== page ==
The fewest Americans in more than five years applied for new unemployment benefits last week. Initial jobless claims sank by 18,000 to a seasonally adjusted 324,000, the lowest level since January 2008. Economists surveyed had expected claims to rise to 345,000.
By Jeffry Bartash
May 2, 2013, 10:52 a.m. EDT
The fewest Americans in more than five years applied for new unemployment benefits last week, a surprising decline that may reflect seasonal quirks more than a sudden improvement in the jobs market.
Initial jobless claims — a rough gauge of layoffs — sank by 18,000 to a seasonally adjusted 324,000 in the week ended April 27, the Labor Department said Thursday. That’s the lowest level since January 2008.
Economists surveyed by MarketWatch had expected claims to rise to 345,000 from a revised 342,000 in the prior week.
In recent action, U.S. stocks moved higher, aided by the drop in claims and the an interest-rate cut by the European Central Bank. A separate report on trade also showed a large drop in the U.S. trade deficit in March.
Claims often gyrate sharply in the month after Easter because of the Good Friday holiday and spring break, making it harder for Labor officials to adjust claims for seasonal oddities. Yet the effects usually fade by early May.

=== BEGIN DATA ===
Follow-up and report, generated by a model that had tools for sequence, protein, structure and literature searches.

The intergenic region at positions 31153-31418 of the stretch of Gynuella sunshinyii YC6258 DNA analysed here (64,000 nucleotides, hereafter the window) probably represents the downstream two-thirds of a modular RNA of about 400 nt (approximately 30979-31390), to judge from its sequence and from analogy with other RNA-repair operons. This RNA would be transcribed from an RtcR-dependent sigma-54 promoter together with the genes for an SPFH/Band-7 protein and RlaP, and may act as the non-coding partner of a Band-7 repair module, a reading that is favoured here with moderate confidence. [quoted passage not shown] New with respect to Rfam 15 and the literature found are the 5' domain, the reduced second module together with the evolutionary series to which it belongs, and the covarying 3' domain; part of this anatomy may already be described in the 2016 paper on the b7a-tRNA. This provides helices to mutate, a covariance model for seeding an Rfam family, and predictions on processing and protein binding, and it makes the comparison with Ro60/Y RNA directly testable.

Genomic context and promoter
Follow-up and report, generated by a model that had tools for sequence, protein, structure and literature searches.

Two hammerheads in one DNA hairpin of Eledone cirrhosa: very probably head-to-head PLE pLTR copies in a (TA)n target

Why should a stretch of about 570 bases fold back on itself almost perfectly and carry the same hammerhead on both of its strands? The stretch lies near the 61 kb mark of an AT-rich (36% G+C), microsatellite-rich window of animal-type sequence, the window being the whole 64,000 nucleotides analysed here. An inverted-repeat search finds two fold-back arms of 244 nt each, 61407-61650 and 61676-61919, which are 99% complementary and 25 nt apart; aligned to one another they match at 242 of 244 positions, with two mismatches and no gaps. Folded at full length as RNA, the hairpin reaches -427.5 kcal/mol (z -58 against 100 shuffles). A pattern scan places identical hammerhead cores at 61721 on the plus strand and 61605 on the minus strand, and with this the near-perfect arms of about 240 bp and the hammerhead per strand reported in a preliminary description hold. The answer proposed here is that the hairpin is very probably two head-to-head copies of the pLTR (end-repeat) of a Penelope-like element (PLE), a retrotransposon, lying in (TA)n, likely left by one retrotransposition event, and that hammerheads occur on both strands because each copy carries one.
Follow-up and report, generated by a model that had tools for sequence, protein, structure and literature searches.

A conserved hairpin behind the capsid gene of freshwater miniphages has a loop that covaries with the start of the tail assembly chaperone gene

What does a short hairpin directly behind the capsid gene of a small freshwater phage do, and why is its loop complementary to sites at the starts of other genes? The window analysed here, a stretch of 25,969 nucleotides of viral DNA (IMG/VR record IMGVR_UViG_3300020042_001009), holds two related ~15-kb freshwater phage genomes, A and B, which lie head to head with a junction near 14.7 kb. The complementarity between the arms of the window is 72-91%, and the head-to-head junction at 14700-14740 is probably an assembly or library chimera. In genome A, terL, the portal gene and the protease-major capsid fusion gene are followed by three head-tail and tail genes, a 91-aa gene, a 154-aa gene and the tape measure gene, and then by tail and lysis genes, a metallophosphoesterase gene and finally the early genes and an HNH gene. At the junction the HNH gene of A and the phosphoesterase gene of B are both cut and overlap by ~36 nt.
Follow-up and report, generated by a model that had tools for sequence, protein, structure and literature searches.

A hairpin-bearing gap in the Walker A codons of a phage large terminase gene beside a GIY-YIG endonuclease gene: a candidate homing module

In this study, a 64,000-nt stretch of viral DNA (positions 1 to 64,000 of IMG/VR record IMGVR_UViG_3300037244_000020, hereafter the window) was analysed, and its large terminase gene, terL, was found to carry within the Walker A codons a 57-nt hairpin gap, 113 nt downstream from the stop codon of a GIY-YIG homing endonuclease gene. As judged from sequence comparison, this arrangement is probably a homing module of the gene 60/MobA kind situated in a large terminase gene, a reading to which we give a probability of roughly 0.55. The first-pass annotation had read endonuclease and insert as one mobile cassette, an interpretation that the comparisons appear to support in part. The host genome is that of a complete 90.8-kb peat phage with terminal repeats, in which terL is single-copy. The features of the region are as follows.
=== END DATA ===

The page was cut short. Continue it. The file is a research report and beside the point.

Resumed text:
Labor officials said there were no usual factors in the claims data. The decline in claims might suggest some improvement in the labor market, mainly fewer layoffs. The report is less reliable as an indicator of hiring, though, and other employment indicators have signaled companies are creating fewer jobs compared to just a few months ago.
“The decline in claims suggests that there is no uptrend in hiring but after years of layoffs there are also few workers left to be let go,” said Steven Ricchiuto, chief economist at Mizuho Securities.
The latest report from large payroll processor Automatic Data Processing, for instance, appeared to underscore the sluggish pace of job growth. ADP on Wednesday said private companies added just 119,000 jobs in April, down from 131,000 in March and marking the weakest gain since September.
The government’s official employment report, released Friday, is also expected to show job creation has faltered. Economists polled by MarketWatch forecast a net increase of 135,000 jobs in April.
While that would surpass the initially reported 88,000 new jobs created in March, the pace of hiring would fall well below the 220,000 average from November through February. Softer employment growth is one of many signals pointing to a spring-summer economic swoon for the third straight year.
Meanwhile, the four-week average of new claims, which smooths out weekly volatility, fell by 16,000 to 342,250. That’s the smallest amount in six weeks.
The number of people already receiving benefits, known as continuing claims, rose by 12,000 to a seasonally adjusted 3.02 million in the week ended April 20. Most states typically offer 26 weeks of unemployment pay.
Also Thursday, the Labor Department said first-quarter productivity rose 0.7%, though U.S. workers and businesses are not nearly as efficient as is normally the case this far into an economic recovery.
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